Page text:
Tuesday, February 1, 2011

Who 'owns' Harlem, the capital of black America?

This is the title for a new radio documentary on the BBC World Service available (from tomorrow) here on the gentrification of Harlem by writer Michael Goldfarb.

I'm looking forward to it partly to see if it will enrage me. Here's a quote from the trailer:


As I say, ownership is a complicated concept. It is bound up with subjective things like memory and personal experience.

My late father-in-law emigrated to Canada from London after the war. Shortly after my wife and I moved to London, he came for what he knew would be his last visit.

He was in his mid-80's and went off for a nostalgia trip down the Mile End road, where he was born and spent his childhood. He came back flabbergasted.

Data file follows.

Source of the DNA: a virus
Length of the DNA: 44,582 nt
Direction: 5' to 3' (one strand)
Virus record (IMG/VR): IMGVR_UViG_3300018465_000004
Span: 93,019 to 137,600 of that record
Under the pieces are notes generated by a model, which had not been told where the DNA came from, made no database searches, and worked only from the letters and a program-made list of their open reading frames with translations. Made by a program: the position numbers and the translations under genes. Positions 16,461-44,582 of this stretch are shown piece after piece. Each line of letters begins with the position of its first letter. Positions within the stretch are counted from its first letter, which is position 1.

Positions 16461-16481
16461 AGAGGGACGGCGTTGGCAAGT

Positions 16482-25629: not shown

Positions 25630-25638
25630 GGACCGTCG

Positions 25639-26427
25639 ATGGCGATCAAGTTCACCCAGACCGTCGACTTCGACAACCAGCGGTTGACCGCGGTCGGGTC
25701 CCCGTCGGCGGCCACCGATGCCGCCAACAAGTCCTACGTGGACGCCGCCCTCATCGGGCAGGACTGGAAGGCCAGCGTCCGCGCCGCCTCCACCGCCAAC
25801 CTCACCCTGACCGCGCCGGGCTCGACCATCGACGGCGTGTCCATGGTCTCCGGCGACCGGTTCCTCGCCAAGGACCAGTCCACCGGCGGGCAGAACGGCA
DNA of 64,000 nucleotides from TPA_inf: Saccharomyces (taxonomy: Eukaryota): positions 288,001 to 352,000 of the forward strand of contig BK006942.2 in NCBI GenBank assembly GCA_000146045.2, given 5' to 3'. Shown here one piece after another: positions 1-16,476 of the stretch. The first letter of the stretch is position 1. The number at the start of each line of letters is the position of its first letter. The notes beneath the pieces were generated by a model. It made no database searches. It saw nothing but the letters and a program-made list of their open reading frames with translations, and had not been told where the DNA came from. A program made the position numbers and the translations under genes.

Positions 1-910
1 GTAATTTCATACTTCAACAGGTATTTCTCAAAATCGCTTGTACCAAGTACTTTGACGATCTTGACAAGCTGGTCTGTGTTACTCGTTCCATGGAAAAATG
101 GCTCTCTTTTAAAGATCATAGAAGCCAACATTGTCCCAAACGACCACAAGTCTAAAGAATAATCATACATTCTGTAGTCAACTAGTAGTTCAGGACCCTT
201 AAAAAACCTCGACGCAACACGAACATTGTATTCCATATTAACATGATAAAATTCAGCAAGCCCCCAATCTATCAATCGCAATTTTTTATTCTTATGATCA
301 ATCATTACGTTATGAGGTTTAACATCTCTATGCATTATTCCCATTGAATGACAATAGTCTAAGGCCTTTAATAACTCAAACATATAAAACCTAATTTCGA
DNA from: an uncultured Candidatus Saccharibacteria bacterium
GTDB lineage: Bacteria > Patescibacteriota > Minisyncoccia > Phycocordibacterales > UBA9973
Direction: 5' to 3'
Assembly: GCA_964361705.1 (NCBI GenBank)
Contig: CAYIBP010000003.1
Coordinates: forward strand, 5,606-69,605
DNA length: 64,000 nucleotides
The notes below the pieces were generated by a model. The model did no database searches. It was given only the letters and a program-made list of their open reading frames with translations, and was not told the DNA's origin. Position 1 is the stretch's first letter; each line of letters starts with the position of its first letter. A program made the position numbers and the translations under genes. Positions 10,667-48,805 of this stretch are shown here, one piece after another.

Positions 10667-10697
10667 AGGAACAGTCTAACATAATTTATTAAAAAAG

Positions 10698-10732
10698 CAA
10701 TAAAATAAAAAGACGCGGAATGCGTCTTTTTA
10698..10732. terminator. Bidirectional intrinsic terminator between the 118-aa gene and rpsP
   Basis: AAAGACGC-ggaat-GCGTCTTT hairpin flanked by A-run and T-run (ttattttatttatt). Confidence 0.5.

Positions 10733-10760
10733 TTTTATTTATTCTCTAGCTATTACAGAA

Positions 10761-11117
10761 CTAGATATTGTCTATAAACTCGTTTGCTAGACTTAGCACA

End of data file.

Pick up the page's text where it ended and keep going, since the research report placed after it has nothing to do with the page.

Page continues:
"It's not my London," he said shaking his head in disappointment.

The street markets were still there, the area was as run-down as ever, but what he meant was there was no trace of his cockney past. There were very few white faces. It had become a neighbourhood of immigrants from Bangladesh.

In memory, he owned that territory and now it seemed to have been taken over without his permission.

I deeply empathise."

It will be interesting to see whether this piece is more than superficial, engaging in the difficult questions about gentrification including race, culture and spatial authenticity. 

Antonia Layard



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